BY NATASHA BARSOTTI – For the seventh year in a row, Moscow Pride organizers applied for a permit to stage the event.
And for a seventh time, city authorities turned them down, ignoring a 2010 European Court of Human Rights ruling that the repeated bans are discriminatory, illegal and a contravention of the European Convention on Human Rights, to which Russia is signatory.
Even before the application was submitted, gay rights activist Nikolai Alexeyev told Xtra he had no reason to believe that the city, under new mayor Sergei Sobyanin, would break with precedent and give Pride the green light.
Previous refusals have not stopped Moscow's activists from proceeding with some form of march or protest, and Alexeyev told media that a rally will be held in spite of the ban. He also told Gay Star News that he plans to appeal the city's decision in court May 21.
According to Gay Star News, a security official said the proposed march would provoke a negative public reaction and cause "moral harm to children and teenagers."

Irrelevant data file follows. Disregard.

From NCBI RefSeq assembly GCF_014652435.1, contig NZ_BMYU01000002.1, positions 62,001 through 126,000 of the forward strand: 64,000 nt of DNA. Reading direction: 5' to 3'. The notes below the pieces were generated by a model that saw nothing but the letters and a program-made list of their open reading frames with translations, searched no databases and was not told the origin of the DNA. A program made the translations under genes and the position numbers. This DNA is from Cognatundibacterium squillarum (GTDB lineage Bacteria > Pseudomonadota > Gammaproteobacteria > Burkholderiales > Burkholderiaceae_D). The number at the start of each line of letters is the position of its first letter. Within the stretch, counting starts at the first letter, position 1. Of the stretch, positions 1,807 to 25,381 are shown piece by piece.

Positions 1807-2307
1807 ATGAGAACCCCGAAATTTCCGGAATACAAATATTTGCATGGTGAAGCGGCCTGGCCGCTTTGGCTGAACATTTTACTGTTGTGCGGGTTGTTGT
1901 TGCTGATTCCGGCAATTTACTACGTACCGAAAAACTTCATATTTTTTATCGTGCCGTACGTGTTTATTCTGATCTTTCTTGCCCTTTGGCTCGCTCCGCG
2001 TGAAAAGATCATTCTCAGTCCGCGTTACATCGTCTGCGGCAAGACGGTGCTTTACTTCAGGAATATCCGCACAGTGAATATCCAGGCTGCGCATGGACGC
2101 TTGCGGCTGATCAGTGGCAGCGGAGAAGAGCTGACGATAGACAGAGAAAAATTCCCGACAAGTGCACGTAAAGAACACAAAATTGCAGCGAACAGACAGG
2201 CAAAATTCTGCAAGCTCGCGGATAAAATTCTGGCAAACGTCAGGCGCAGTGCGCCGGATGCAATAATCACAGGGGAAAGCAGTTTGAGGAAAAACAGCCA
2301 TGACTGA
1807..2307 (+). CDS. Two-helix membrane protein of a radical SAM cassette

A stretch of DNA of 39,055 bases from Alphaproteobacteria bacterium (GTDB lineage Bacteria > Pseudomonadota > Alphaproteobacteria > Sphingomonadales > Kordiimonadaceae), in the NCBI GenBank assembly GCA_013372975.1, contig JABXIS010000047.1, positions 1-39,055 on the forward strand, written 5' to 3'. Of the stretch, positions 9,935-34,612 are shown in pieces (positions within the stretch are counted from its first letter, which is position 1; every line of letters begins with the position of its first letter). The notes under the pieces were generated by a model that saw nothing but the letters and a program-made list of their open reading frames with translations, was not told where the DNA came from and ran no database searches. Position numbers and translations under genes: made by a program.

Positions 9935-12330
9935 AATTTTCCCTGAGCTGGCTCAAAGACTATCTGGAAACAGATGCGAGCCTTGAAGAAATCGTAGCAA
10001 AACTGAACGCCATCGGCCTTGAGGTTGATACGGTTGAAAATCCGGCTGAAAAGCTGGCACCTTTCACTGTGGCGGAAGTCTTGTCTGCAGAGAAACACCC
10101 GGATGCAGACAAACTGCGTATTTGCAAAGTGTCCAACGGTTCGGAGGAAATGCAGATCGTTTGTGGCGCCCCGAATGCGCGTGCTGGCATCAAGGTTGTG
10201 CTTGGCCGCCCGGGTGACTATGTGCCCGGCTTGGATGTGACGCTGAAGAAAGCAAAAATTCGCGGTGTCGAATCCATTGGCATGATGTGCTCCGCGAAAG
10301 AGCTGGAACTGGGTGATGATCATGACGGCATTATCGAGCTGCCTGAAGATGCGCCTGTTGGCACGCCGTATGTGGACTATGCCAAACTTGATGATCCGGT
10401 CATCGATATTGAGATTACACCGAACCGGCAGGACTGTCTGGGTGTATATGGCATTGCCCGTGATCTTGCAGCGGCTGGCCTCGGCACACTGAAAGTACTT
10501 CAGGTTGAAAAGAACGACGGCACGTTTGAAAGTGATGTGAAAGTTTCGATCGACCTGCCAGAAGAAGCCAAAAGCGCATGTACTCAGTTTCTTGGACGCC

The latest Pride ban follows the increasing and incremental institution of so-called gay propaganda laws in several Russian cities that prohibit the spread of homosexuality among minors, with calls from Orthodox Church officials and certain politicians for the national implementation of such legislation.
A sanctioned International Day Against Homophobia rally in St Petersburg, one of four cities to have passed anti-gay legislation, was marked by violence when dozens of neo-Nazis attacked and injured participants.